A trip to Russia
By Gordon Hay, Community Manager
Between 26th and 28th March, Philip Gerrard (CEO) and I were in Khanty-Mansiysk, West Siberia, Russia for the 45th International Committee of Sports for the Deaf (ICSD) Congress which concluded with the Winter Deaflympics Opening Ceremony. In case anyone is interested, this is 5,288km away from here and would take 1,033 hours to walk, I’ll leave Philip to work out how many steps that would be!
During the Congress we received the final report of the Sofia 2013 Deaflympics, a loss of 21,000 LEV (around 10,000 Euros) was incurred, which given it was organised within 12 months was applauded. We also received information on the preparations for Turkey 2017 which are well underway. Sadly, on the 2nd day of the conference one of the Argentinian delegates passed away bringing a sombre air to the proceedings.
Whilst we were in Russia we used Twitter to update people at home on events. We were pleasantly surprised when Joy Squires, a local Labour Parliamentary Candidate who had recently met with the deaf community in Worcester, retweeted us:
The Opening Ceremony took place in a sports centre, and we were relieved it was an indoor event as outside temperatures were as low as -22C. Around 3,000 people were in attendance to watch the performances from deaf and hearing performers, including children from deaf schools. The event was visually vibrant, with lots of colour. One of the most memorable performances was a group of 8/9 year old gymnasts performing human pyramid style feats.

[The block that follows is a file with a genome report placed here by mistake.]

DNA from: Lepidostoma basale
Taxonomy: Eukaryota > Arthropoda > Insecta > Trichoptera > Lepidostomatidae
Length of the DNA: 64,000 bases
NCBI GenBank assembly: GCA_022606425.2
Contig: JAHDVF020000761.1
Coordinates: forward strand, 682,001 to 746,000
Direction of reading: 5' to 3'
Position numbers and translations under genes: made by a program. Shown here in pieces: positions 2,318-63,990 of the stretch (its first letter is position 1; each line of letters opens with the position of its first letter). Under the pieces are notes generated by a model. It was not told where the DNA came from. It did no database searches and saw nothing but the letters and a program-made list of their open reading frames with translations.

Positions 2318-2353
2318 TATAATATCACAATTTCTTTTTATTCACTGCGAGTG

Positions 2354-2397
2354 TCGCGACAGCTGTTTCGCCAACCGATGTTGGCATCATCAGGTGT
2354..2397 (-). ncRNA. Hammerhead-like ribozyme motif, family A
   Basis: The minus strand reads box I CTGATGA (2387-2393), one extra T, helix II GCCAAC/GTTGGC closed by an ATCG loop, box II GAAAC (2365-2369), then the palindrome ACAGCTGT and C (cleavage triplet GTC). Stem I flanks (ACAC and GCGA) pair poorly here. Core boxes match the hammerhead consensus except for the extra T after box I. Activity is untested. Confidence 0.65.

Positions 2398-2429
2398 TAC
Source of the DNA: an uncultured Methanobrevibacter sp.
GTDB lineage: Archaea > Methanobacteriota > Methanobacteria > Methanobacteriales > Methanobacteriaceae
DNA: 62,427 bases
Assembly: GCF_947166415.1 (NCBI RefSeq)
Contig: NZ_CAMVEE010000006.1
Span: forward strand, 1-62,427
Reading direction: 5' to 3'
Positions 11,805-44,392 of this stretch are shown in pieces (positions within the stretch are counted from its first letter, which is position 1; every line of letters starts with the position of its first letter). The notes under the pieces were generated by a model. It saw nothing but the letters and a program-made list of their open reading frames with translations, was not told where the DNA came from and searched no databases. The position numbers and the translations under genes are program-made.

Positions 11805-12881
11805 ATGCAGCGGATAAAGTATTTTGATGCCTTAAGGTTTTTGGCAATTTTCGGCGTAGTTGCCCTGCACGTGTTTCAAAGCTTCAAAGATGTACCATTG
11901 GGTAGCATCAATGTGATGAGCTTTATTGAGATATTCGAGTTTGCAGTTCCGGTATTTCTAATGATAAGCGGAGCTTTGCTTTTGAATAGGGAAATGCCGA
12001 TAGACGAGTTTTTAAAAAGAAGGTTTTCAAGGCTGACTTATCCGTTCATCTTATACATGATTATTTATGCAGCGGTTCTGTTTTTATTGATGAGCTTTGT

As with every Olympics there was a flag ceremony, unfortunately because of international politics the Ukrainian team boycotted the opening ceremony, despite the Ukrainian delegate at the Congress saying that deaf Russians and deaf Ukrainians remained friends. As a last minute substitute, to save face, a member of the backstage crew carried the Ukrainian Flag!
Many speeches and pledges were made by both deaf and hearing athletes, referees and dignitaries. Due to the number of nationalities attending the conference, the speeches had to be translated in to at least three other languages at any one time. When the speech was being made in spoken Russian, a Russian Sign Language interpreter relayed it to an International Sign Interpreter on stage. Every few seconds they would all pause (much to the confusion of the deaf delegates!) in order to allow time for the English translation to be heard over the speaker. Unfortunately the same translation time was not afforded to the English translator when a deaf delegate presented – who would continue to sign, unaware of whether the spoken translators were keeping up with what was being said. At one point the interpreter was around 1.5 minutes behind and so we then all had to wait for it to be voiced over.